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Slave narratives come alive at Cultural Center


Volunteers act out slave narratives at the Slave Narratives Come to Life event at the Cultural Center on Saturday.

Volunteers act out slave narratives at the Slave Narratives Come to Life event at the Cultural Center on Saturday.


Staff Writer


The narratives of a number of North Carolina African-American slaves were brought to life on the Lincoln Cultural Center stage Friday night.

As area citizens, including Lincoln County Coalition of Churches Director Ola Mae Foster and Lincolnton playwright Earline Smith, read excerpts from Steve Payseur’s Slave Narratives Volumes I & II, actors depicted the stories through dramatic performance.

Cultural Center Director Cathy Davis requested Smith direct the scenes since she’s had experience writing and orchestrating a variety of Christian-based plays at the facility over the years.

Davis knew the stories had to be told the public, especially after she read Payseur’s narratives all in one night.

Actors of all ages, including Smith’s daughter, Samantha, and 11-year-old granddaughter, Kayla, participated in the production, which greatly pleased Davis.

“I am glad to see young people participating,” she said, “because they are very far removed (from slave generations).”

A few of the actors in the 14-member cast donned realistic-looking whip marks on their arms, legs and backs, showing the horrific torture some Southern slave masters forced their slaves to endure.

Justin Presnell and Thomas Braswell, both of Saw Mills, headed the cast’s makeup.

The duo typically works with characters’ makeup for the annual haunted attraction “Horror Fields” in Saw Mills.

Smith said she only had about a month to create scenes based on the narratives.

Much to her surprise, she learned while reading certain excerpts that a number of slaves liked their masters and treated them well.

Yet many of the narratives revealed the severe discipline African-Americans encountered during the 19th century.

One slave’s story discussed how she was sold three times in one day while another man’s account talked about frequently going to work without breakfast.

Lincolnton resident Vanessa Castillo played the part of “Martha Allen,” mother of a slave.

Only her second time on stage, Castillo said she couldn’t turn down another acting gig under Smith’s direction.

She tackled her first acting role in the local director’s production of “Do You See What I See?” last summer.

For Joshua Bartley, a local poet, acting in Friday night’s production was also a new experience for him.

He knew he had to assist in bringing the slave narratives to life because of slavery’s prominent historical significance.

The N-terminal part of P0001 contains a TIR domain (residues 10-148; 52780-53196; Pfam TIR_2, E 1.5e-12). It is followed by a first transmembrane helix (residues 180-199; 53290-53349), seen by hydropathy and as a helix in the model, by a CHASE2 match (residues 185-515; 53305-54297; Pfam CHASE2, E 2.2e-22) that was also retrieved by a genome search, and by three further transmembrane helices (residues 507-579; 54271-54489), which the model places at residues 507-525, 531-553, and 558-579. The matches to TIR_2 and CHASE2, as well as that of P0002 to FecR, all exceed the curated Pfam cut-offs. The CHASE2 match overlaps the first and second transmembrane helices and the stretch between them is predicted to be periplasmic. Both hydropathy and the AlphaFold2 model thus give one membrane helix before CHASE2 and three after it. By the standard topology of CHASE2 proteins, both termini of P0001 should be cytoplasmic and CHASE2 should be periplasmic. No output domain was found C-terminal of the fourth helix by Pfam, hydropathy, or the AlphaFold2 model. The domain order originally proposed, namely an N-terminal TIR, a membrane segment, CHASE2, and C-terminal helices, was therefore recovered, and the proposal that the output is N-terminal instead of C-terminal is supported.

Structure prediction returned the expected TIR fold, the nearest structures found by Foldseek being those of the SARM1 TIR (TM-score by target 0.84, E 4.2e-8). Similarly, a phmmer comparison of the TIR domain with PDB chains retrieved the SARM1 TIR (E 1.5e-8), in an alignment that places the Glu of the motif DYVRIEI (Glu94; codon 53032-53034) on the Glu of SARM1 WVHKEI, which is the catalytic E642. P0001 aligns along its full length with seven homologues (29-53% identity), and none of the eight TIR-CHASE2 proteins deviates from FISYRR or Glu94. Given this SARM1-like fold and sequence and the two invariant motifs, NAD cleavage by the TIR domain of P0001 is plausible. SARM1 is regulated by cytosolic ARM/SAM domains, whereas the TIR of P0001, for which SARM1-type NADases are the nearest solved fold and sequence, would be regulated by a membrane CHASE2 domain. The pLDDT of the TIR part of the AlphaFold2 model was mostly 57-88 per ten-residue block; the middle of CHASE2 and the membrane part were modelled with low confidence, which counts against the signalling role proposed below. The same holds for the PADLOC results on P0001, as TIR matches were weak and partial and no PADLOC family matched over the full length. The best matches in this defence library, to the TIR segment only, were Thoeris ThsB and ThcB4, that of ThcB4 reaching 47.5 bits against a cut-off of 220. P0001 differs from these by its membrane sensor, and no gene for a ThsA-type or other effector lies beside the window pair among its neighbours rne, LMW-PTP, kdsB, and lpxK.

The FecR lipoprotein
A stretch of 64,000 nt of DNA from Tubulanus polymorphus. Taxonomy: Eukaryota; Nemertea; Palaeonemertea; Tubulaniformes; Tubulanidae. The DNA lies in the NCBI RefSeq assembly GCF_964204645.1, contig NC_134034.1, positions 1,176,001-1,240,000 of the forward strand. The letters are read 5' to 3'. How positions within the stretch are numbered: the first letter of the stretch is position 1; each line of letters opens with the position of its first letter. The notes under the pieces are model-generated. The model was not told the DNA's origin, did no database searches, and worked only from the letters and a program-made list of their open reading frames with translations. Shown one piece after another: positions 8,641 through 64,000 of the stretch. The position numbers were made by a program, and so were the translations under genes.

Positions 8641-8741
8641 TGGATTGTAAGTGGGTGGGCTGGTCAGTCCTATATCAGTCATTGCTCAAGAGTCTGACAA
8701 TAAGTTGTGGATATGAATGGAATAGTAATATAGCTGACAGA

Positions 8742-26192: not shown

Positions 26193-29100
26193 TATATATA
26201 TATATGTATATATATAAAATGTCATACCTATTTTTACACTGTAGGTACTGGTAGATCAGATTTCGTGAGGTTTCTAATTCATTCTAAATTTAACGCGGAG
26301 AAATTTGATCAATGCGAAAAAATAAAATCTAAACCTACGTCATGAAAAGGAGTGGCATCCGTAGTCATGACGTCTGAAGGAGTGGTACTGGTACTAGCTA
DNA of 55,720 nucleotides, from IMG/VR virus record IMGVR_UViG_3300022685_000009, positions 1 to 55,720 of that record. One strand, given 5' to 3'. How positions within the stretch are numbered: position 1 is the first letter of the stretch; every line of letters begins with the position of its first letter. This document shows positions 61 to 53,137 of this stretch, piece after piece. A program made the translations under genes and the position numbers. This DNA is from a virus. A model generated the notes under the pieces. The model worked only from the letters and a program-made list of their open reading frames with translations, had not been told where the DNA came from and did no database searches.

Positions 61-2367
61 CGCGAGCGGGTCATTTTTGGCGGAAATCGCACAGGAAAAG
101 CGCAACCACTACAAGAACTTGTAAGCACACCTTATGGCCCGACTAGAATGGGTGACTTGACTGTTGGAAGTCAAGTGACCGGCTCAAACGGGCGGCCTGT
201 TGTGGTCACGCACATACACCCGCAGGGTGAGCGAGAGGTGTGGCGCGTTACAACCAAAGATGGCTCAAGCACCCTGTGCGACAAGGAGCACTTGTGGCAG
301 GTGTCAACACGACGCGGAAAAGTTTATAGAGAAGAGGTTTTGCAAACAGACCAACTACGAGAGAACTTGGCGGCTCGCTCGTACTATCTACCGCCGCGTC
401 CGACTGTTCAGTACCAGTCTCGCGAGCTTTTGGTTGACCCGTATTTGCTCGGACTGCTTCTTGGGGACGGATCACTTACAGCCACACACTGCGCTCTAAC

“As sad and tragic as it is,” he said, “it happened. It’s educational, and ignoring it doesn’t make it go away.”

Bally Wilson, a singer/songwriter who received acting recognition during his Lincolnton High School career in 1995, took on the role of a slave master alongside Bartley.

“It makes you see how these people had no control over anything,” he said. “It’s an eye-opening experience. People get a good idea of how slaves lived.”

Different from watching slave depictions on T.V., Wilson said, audience members witnessed this month’s drama in a new way.

Only a few feet away from the dramatic depictions, citizens gained a fresh perspective on the inhuman trade.

Many of the scenes showed slaves uniting in song, singing the words to many famous spiritual tunes.

Throughout the night, local residents Debra Ransom and Donna Tolliver also performed solos for the crowd.

“I have no way of knowing what those people went through,” Ransom said, “but they found comfort through songs.”

According to Payseur, slave narratives were recorded under Franklin Roosevelt’s administration during the 1930s Great Depression era.

At the time, Congress established the Works Progress Administration (WPA), meant to put people back to work as well as build bridges, schools and other important structures throughout the United States, Payseur said.

Part of the WPA also included the Federal Writers’ Project, in which reporters, editors and writers were called to interview former slaves, Payseur said.

Writers were instructed not to change any part of the stories, including slaves’ unique dialect.

A year ago, the Iron Station writer discovered some of the narratives, many of which are housed at the Library of Congress.

“I read a couple of them,” Payseur said, “and started looking for more.”

It wasn’t long before he decided to piece together narratives from slaves who lived and worked in North Carolina.

He said he compiled the second volume first, and finished his first volume the end of last year.

For more information on Payseur’s Slave Narratives Volumes I & II, call the Cultural Center at (704) 732-9055.

Image courtesy of Jaclyn Anthony / Lincoln Times-News

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